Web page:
More imagination? If you had any evidence for "more within the error range of the observations" then you would have presented it. You would have plotted your curves against the actual data with error bars which would be in this thread.

    An incorrect "dark matter halo that makes no sense physically and theoretically" statement suggests that you have not learned the mainstreams science you are arguing against. The reason that astronomers support dark matter halos is that they make sense physically and theoretically.

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    Quote Originally Posted by Reality Check View Post
    Obviously you are ignoring the galaxy rotation curve of the M 33 galaxy yet again which does not fit your pattern. It has no peak at all. It has no waves.
    I trust more the following rotation curve than what's on Wiki:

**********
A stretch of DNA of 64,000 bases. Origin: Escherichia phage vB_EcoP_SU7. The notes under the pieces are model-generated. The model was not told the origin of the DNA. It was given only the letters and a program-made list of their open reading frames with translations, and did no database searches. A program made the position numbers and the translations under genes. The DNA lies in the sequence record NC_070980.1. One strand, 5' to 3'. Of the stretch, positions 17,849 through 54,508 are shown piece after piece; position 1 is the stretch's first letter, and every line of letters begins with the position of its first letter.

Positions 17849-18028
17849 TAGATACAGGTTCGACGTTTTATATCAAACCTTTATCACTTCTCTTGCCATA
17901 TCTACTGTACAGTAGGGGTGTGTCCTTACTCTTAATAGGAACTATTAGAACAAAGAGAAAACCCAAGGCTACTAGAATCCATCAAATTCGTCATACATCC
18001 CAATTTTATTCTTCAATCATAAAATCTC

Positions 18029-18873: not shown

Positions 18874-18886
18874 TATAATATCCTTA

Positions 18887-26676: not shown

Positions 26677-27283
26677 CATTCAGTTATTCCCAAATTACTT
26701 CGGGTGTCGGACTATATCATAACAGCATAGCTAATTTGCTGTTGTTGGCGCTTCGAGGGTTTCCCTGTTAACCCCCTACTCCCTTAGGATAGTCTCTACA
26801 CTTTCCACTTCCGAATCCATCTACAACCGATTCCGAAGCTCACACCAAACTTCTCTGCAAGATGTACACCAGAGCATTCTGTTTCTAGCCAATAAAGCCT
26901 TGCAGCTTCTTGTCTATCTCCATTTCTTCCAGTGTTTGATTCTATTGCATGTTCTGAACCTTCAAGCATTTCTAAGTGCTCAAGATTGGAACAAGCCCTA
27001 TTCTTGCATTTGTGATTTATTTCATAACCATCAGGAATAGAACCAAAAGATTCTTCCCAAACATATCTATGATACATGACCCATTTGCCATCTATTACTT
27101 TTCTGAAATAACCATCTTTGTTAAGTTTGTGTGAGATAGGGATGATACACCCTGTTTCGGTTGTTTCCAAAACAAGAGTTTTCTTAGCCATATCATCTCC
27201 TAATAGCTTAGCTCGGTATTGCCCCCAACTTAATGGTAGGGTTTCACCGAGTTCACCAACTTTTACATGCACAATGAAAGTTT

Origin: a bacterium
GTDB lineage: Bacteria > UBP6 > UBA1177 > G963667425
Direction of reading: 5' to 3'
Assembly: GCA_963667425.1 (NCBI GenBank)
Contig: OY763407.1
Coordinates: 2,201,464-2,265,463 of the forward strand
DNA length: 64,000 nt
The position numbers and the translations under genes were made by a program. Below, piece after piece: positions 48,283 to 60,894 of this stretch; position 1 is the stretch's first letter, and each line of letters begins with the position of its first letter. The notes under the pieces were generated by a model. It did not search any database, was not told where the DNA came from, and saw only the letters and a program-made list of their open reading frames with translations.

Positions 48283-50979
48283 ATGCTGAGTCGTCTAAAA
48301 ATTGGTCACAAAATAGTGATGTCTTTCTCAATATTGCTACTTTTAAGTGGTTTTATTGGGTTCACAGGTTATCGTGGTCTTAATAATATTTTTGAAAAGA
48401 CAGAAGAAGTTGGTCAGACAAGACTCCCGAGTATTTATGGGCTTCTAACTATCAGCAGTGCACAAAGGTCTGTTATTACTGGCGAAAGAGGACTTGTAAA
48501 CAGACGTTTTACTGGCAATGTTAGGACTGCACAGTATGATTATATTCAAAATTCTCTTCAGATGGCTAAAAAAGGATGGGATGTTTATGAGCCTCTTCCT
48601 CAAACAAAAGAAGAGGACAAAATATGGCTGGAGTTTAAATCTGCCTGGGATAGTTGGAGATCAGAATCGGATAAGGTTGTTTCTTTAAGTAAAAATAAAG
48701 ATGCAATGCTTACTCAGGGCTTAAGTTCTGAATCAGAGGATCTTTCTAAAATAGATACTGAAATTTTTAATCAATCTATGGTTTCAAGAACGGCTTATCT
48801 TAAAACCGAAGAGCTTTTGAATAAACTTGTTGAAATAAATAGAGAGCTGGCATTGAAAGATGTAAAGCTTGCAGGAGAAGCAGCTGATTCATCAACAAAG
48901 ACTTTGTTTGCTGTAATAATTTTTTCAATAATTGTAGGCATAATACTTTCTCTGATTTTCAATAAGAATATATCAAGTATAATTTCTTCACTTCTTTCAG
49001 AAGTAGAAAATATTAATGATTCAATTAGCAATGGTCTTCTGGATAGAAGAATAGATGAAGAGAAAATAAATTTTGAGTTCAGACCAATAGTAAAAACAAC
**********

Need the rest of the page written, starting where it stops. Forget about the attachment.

Click image for larger version. 

Name:	rotation-curve-10kpc.PNG 
Views:	16 
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ID:	23657

    Other galaxies have measured masses. Their masses are possibly better measured than the Milky Way's mass. We are inside the Milky Way. Dust and gas hides parts from us.

    A suggestion: Create a graph with your galaxy rotation curve for a variety of galaxy masses from low to high. What masses do you need to get rid of the peak? What masses minimize the waves so that a curve can look smooth as in M 33?